The British Industrial Revolution (1760-1840) brought innovative mechanisation and deep social change. The process saw the invention of steam-powered machines, which were used in factories in ever-growing urban centres. Agriculture remained important, but cotton textiles became Britain's top export, capital replaced land as an indicator of wealth, and the labour force diversified to include many more women and children.
Defining a 'Revolution'
Dating the precise beginning and end of the Industrial Revolution in Britain is problematic. Historians do not all agree on precise dates as the 'revolution' was not a single dramatic event or even a series of them, but, rather, a long and gradual process of mechanisation of industry and agriculture, which in turn caused a number of important and long-lasting social changes, chief amongst them being accelerated urbanisation across Britain. The generally agreed range of the mid-18th century to the mid-19th century is useful but misses important, even necessary developments beforehand (for example, the increased efficiency in agriculture) and the continuation of machine inventions (such as the telephone) afterwards.
The term 'industrial revolution', coined by the historian Arnold Toynbee in 1884, is misleading since this process of change was neither quick nor driven by popular uprisings. In addition, the word 'industrial' denies the importance of significant changes in rural life through this period. What is more certain is that the imperfect label 'Industrial Revolution' does capture the idea that tremendous changes occurred so that the countryside, cities, and working life of the late 19th century would have seemed incredible to a visitor from the late 16th century. The author Thomas Hardy (1840-1928) noted that the steam-powered railways alone, probably the most visible element of the 'revolution' for most people, brought more change than any other development since the Norman conquest of England in 1066.
The Industrial Revolution happened first in Britain, and so, when referring to that country alone, it is often called the First Industrial Revolution. Where this mechanisation and urbanisation spread to other countries, it is called the Second Industrial Revolution, for example, in France from 1830, Germany from 1850, and the United States from 1865.
Causes of the Industrial Revolution
The Industrial Revolution began in Britain for a number of reasons. There was an efficient agricultural system that could feed a booming population. With its coalfields, Britain had abundant cheap fuel and, in 1700, was already skilled in mining, producing 80% of the coal in Europe. Another knowledge advantage for Britain was the use of coke as a fuel to make high-quality iron. Coke is made from baking coal in a furnace to remove as many impurities as possible. The first working blast furnace employing coke was used in 1709 at Coalbrookdale in Shropshire, a works owned by Abraham Darby (1678-1717). Britain, then, had both the material to make machines and the fuel to power them even before the Industrial Revolution proper began.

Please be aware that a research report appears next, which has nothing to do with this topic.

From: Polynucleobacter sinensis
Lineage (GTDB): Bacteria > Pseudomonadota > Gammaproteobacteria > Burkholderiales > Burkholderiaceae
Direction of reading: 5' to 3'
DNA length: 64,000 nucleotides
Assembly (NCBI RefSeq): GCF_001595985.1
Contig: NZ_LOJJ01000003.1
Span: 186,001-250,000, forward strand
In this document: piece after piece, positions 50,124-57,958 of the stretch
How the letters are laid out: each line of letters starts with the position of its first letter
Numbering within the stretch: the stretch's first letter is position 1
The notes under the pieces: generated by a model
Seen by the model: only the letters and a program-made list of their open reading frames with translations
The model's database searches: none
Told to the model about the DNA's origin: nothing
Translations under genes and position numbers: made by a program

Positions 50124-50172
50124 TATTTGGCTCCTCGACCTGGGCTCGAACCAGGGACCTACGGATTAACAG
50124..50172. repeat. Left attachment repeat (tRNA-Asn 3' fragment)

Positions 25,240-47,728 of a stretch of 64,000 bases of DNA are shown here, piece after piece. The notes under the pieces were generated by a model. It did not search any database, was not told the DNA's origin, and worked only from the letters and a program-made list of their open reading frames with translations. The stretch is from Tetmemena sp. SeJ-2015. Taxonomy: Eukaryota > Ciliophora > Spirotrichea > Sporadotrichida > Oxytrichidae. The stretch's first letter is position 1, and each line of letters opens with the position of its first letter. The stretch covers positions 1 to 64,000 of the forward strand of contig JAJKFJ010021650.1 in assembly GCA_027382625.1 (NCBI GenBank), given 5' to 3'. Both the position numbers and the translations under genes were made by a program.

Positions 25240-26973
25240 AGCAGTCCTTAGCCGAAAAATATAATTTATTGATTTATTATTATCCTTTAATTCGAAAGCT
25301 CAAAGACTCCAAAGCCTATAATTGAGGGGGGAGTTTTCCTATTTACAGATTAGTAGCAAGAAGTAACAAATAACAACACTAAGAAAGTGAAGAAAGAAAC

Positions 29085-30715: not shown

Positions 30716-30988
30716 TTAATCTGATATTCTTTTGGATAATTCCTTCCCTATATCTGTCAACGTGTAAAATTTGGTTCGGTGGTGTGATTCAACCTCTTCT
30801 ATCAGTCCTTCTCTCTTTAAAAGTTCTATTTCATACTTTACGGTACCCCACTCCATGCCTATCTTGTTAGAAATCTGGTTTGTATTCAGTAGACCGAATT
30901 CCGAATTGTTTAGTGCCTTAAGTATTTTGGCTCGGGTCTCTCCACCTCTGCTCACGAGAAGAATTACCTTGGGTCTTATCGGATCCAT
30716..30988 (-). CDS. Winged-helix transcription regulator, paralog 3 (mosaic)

Labour in Britain was relatively expensive because of the expanding agricultural system, which was now using more and more enclosed land (land requisitioned for farming from common land). Farms needed more labourers, but fewer were available as urbanisation developed, and so wages rose. This fact meant that inventors had a profit motive to design machines that could reduce labour. Capitalists were given favourable conditions by governments to invest in these inventions and Britain's trade empire, particularly that established by the East India Company, could be used to exploit such innovations by providing markets for manufactured goods. There was, too, a trend for people to leave the countryside to find work, and this was exploited and accelerated by business owners able to set up machine-based factories, particularly textile mills. Once the urbanisation ball was rolling at a certain pace, inventions accelerated the 'revolution' as more machines were invented to make even better machines, and so mechanisation surged on. The railways continued the process by creating even more demand for coal, iron, and steel. The pace of urbanisation increased further, and a new middle-class consumer market was created, which drove demand for more innovation and more products. While some other countries had some of these causal factors in place, none had as many as Britain.
Inventors & Machines
The Steam Engine